Posner and Landes also found that the more ideologically polarized the Court was, meaning the greater its range from right to left, the greater the number of cases decided by one vote. It found, critically, that ideology "matters more in the Supreme Court than in the court of appeals."
There have not only been more ideologically sorted rulings in recent decades. The most significant laws are increasingly decided by the same one-vote margin that undermines the very "supreme" authority of the Court. The 1966 Miranda decision, which defined police suspects' rights, was an early signal that 5-to-4 rulings were going to shape this nation like never before. The 2000 Bush v. Gore was decided along the same narrow margin.
In the Roberts Court, 5-to-4 majorities have allowed unlimited corporate and union campaign spending, upheld an individual's right to gun ownership, limited an employee's ability to file a pay discrimination, decided states cannot impose mandatory life sentences on juvenile murderers without the possibility of parole, and limited class-action suits as well as decided the constitutionality of the health-care law.
This polarization has not gone unnoticed. The judiciary remains the most trusted branch of government. Sixty-three percent of Americans said in autumn 2011 that they have a "great deal" or a "fair amount" of faith in it. Yet that is the lowest share to express trust in the judicial branch since 1976, when Gallup first asked the question.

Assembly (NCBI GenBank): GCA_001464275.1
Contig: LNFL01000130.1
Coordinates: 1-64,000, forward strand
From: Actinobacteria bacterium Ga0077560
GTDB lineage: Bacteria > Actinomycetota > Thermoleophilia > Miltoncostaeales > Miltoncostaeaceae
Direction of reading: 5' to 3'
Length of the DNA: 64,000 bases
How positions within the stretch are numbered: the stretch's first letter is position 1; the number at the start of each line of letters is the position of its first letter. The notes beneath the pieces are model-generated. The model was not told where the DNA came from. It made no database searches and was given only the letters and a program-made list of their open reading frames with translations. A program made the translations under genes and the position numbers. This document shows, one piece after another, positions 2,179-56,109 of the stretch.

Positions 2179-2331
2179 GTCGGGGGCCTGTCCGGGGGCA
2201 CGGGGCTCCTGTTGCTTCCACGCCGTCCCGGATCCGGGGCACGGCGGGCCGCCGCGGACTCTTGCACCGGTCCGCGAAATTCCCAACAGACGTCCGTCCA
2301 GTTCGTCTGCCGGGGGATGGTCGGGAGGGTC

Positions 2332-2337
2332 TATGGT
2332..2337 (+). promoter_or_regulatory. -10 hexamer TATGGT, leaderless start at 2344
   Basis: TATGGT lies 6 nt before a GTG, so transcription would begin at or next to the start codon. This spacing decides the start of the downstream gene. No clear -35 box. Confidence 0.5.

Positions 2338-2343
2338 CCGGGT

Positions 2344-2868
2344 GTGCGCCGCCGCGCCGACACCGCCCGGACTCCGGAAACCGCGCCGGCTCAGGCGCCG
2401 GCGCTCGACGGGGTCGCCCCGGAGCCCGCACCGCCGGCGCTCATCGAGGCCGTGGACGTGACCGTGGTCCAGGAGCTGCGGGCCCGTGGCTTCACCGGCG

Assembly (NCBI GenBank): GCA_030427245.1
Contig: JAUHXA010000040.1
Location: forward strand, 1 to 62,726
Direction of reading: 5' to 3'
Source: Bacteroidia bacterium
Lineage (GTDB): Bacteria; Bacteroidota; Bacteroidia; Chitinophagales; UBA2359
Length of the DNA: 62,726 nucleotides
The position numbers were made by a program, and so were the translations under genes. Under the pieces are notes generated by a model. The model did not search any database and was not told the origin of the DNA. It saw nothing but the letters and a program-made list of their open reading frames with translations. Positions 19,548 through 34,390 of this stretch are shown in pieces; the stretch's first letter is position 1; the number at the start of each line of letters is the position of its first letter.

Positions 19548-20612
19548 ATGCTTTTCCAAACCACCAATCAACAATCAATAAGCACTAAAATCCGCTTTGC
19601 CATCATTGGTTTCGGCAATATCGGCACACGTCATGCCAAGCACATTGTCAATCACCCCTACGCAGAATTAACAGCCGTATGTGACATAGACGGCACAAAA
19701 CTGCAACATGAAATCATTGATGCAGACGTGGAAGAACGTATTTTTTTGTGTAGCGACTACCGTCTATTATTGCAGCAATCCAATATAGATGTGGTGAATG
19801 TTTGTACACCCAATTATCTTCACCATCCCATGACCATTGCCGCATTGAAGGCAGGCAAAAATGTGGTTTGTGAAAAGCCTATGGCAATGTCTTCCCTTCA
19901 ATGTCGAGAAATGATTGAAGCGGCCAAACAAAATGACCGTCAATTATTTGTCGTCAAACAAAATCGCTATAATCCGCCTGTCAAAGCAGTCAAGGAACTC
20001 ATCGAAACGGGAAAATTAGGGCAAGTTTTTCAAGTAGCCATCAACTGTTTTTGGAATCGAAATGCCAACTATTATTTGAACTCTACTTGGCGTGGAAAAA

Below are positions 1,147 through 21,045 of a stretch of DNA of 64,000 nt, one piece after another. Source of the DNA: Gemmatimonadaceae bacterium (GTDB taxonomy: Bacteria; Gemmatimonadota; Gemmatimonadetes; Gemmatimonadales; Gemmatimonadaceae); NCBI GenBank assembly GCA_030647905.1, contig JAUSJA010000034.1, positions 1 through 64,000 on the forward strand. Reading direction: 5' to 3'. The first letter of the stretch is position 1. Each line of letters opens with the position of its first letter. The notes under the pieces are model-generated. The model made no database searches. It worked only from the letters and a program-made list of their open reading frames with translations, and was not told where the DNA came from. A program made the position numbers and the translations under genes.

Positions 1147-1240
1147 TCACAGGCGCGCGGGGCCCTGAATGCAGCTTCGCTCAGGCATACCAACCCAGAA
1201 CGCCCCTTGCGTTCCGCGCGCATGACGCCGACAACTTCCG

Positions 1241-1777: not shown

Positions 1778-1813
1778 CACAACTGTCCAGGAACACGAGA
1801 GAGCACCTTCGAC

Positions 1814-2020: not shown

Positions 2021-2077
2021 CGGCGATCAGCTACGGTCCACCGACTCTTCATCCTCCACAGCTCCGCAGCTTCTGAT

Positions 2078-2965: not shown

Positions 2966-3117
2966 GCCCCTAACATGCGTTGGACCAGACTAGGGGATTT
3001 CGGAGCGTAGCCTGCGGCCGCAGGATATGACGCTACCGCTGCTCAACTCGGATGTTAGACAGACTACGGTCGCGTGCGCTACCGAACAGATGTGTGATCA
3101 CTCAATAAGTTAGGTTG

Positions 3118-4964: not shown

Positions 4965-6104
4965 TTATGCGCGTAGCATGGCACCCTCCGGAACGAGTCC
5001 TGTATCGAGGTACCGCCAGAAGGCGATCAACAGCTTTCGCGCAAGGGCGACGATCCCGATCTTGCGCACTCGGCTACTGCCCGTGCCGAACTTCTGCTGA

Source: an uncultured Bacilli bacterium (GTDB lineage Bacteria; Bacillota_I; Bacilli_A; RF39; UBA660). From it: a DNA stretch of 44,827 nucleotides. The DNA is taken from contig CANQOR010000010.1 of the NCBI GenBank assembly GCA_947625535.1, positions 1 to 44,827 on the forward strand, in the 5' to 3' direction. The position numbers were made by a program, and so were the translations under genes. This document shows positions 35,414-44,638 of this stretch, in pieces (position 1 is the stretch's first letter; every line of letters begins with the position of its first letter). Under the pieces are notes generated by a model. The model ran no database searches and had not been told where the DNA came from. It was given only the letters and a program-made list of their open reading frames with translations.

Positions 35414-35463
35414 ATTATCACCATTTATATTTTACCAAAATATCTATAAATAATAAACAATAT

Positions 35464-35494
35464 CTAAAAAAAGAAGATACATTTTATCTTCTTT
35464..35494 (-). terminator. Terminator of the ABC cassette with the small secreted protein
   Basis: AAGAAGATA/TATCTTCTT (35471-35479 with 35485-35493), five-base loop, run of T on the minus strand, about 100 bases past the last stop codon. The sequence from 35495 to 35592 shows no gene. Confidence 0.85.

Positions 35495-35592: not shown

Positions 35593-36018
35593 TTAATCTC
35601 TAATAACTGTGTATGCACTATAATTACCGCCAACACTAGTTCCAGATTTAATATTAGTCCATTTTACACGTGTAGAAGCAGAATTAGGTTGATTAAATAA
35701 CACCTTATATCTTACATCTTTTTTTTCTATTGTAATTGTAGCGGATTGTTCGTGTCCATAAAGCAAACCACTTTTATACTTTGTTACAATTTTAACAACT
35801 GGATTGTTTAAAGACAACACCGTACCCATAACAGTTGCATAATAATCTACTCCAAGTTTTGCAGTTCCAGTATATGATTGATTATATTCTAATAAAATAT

And the Supreme Court is especially sullied. Prior to Thursday's decision, about three in four Americans agreed that "personal or political views influence" current Court decisions, according to a recent New York Times/CBS News Poll. Yet the public has not seen the Court as apolitical since, at least, it became more politically ordered. In 1946, a narrow plurality, four in 10 Americans, told Gallup that they "agree" that "the Supreme Court decides many questions largely on the basis of politics."
This year's term saw roughly as many 5-to-4 rulings as 1946. But then it was not the norm. In 1941, for the first time, at least a tenth of the Court's opinions were decided by this narrow margin. The rate of these minimum majority decisions has not fallen below 15 percent since 1991. Some modern Court years are more partisan than others. But the upward trend remains steady since the mid-twentieth century.
So liberals celebrate a rare 5-to-4 decision that went their way on the Roberts Court. Conservatives rue the ruling. Polarization, however, endures. The four liberal justices lined up as predicted. Three of the four most conservative justices also fell in line on the greatest issue before the Court. All the conservative judges agreed on other aspects of the ruling. The swing vote was a surprise on the headline decision. But the Supreme Court remains generally sorted along partisan lines. And it's not news. Rather, it's old news. That's how accustomed to polarization we've become. Or how cynical.
Read The Atlantic's full coverage of the Supreme Court's health-care decision.